Sky Subscribers Grow, Earnings Fall in First Half
The European giant, in which 21st Century Fox owns a 39 percent stake, which it is looking to boost to full ownership, also says it will next year make its full pay TV service available in an OTT version.
European pay TV giant Sky on Thursday reported lower earnings for the first half of its fiscal year amid higher soccer costs in Britain, but signed up more customers than in the year-ago period.
It also said it would make its full pay TV service available in a streaming, or OTT, version for the first time, eliminating the need for a satellite dish next year. Sky CEO Jeremy Darroch said that would allow the company to target around 6 million households across its markets that it can't currently reach. "It is a big moment for the business," he said.
Sky's Now TV streaming service already allows consumers to watch a selection of networks or content, but not the whole pay TV service.
The company added 22,317 retail customers in the six-month period, compared with 21,477 in the year-ago period, with wholesale customers up 26,211, compared with 25,685.
Adjusted operating profit for the company's first half of the fiscal year dropped 9 percent to $859 million (679 million pounds), compared with 744 million pounds in the year-ago period. Earnings per share fell 10 percent, or 5 percent after adjustments. Adjusted revenue rose 6 percent.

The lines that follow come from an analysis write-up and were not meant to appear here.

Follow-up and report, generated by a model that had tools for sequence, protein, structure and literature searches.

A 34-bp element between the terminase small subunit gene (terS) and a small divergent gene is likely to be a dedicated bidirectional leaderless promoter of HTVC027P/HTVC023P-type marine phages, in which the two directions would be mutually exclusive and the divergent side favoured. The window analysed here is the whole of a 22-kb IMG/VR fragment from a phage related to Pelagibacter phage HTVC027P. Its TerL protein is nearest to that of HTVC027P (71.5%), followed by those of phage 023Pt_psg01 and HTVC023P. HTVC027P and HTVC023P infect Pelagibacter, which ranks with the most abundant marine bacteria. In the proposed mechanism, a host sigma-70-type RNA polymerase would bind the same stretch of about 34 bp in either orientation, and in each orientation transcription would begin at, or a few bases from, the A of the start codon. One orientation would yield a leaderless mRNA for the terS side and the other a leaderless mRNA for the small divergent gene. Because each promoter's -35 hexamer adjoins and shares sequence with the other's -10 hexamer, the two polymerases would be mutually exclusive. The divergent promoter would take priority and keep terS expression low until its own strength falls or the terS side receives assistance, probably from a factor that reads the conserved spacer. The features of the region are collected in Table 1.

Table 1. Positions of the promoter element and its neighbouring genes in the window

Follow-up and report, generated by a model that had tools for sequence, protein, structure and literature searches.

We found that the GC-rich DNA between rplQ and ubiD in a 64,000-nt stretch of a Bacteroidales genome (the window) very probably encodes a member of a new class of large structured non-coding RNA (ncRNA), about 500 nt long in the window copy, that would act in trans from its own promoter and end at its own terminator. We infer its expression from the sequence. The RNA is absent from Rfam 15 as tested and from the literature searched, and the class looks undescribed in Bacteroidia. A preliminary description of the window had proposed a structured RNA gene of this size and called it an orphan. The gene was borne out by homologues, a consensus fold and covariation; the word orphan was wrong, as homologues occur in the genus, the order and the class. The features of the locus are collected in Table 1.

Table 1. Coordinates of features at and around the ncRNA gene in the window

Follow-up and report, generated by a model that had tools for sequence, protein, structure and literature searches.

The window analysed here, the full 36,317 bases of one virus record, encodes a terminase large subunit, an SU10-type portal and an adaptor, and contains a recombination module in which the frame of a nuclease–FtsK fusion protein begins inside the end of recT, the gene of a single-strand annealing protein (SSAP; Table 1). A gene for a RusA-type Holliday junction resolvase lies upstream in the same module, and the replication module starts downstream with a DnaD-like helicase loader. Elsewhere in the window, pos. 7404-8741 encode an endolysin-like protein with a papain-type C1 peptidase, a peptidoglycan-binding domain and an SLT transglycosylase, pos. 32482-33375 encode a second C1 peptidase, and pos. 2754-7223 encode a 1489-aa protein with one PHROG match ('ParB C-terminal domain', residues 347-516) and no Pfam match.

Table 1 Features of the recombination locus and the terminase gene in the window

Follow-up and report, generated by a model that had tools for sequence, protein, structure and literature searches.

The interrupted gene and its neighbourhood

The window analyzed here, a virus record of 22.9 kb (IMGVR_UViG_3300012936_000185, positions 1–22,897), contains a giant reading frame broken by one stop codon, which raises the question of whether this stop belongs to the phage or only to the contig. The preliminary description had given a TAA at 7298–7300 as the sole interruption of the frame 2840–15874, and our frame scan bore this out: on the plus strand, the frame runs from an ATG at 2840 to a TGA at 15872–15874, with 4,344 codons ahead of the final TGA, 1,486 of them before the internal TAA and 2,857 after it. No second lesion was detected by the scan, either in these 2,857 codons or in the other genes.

Due to higher costs for English Premier League soccer rights in Britain, the company was widely expected to record lower operating profit. "Our first half operating profit of £679 million is down £65 million on the prior year despite absorbing an additional £314 million of Premier League costs, highlighting the strength of our underlying financial performance," said Darroch. "This has been supported by the efficiency of our operating model and the achievement of our £200 million synergy target six months early."
In terms of retail subscribers, the company added 205,000 in the U.K. and Ireland in the first half, including 124,000 TV subscriber additions. In Germany and Austria, Sky added 4,857 customers, compared with 4,494 in the year-ago period. In Italy, it added 4,809, compared with 4,700.
21st Century Fox in December offered to buy full control of Sky in a £10.75-per-share deal that valued it at roughly $23.2 billion. Fox currently owns a 39.1 percent stake in the pay TV company. Asked how disruptive the Fox offer and the regulatory review of the deal would be, Darroch said: "As you can see see from our results today that as a business we are pretty good at just staying focused on the day job, and that's what we'll continue to do."
He also said Fox's offer won't change how Sky approaches soccer rights negotiations. Asked about weaker Premier League viewership earlier in the current season, Darroch cited the loss of some bigger clubs to lower leagues and fallout from this year's Summer Olympics. He said viewing in January is up 6 percent and added that there would hopefully be a strong end to the season.
About the appeal of the Premier League to viewers and Sky, he said: "It remains a very, very robust offering."